- Preemption Contested: Suspect Spaces and Preventability in the July 7 Inquest
- Political Geography
- Pages (from-to)
- Document type
- Faculty of Social and Behavioural Sciences (FMG)
- Amsterdam Institute for Social Science Research (AISSR)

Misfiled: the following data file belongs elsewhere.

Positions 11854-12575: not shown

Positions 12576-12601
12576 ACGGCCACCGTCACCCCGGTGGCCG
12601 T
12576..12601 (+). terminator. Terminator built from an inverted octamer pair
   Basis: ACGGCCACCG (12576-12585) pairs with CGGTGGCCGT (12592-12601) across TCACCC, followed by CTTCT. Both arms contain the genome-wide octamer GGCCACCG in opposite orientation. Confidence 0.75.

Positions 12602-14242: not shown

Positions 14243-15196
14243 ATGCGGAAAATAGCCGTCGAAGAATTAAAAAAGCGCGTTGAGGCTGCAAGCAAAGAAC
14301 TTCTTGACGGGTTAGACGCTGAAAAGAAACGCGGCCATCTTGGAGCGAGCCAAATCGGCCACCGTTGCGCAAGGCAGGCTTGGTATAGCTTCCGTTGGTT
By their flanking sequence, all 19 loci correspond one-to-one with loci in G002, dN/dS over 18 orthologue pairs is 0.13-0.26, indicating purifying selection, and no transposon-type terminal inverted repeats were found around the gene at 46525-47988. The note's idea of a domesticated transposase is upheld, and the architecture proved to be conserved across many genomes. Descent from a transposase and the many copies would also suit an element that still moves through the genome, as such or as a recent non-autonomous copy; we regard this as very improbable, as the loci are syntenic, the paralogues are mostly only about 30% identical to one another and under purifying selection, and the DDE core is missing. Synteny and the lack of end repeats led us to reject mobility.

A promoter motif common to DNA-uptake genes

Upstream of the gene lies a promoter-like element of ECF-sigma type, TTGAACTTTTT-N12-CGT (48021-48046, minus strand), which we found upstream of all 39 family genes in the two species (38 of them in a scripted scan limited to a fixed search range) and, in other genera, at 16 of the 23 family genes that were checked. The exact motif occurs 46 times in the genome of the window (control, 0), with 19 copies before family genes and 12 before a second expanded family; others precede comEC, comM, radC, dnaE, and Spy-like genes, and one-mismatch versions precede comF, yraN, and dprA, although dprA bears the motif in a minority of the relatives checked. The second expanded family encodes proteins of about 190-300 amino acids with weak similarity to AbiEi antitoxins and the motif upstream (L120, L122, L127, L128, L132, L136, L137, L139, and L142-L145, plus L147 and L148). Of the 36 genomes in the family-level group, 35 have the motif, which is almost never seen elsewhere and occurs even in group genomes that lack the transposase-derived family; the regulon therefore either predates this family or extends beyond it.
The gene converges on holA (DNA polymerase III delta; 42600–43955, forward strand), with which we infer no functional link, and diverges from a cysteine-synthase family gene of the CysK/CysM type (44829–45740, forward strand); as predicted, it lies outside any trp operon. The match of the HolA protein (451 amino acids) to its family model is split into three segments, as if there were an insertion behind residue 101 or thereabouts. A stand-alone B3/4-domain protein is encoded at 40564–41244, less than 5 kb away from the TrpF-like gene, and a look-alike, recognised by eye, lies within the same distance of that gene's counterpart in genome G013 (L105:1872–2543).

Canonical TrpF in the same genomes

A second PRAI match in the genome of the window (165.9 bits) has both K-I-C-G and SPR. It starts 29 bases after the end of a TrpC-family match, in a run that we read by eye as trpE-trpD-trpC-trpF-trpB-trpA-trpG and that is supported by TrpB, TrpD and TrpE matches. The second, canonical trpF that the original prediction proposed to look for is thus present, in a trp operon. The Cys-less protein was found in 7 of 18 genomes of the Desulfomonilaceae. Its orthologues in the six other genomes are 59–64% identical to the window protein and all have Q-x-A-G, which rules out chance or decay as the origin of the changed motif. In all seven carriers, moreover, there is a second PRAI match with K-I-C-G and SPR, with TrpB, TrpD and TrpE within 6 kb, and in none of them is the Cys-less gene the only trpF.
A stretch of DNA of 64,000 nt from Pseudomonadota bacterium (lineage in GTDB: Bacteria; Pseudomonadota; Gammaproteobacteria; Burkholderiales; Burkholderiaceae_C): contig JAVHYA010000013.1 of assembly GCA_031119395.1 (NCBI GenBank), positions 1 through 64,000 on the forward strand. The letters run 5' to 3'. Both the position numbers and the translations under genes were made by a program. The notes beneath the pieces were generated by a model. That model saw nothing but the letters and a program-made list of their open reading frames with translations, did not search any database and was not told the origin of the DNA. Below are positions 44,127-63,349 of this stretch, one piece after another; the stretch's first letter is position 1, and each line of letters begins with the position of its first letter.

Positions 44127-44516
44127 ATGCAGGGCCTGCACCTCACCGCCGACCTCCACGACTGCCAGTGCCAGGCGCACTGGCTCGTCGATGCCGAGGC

The London Coroner's Inquest into the deaths of July 7 2005 unequivocally rejected the notion that the security services could and should have been able to identify the 7/7 perpetrators as potential future terrorists before July 2005. These findings contest powerful post-9/11 security logics of preemption and anticipation that hold that security intervention is logical and desirable in the face of unknown and unspecified threats. This paper analyses the spatio-temporal work conducted in and through the Coroner's Inquest, with a specific focus on its preventability evidence. The Inquest provides a rich archive in which the potentialities for intervention and preemption, and concomitant questions of suspect spaces, are engaged, debated, accepted and rejected. This paper argues that the Inquest rendered ‘7/7’ from a fast a familiar framing as anticipated catastrophe, into a ‘matter of concern’ in the sense discussed by Bruno Latour. The paper considers the ambiguous nature of the Inquest, and the way in which it both opened space for public debate and alternative conceptions of futurity; and closed down such space by accepting and normalising notions of networked threat.
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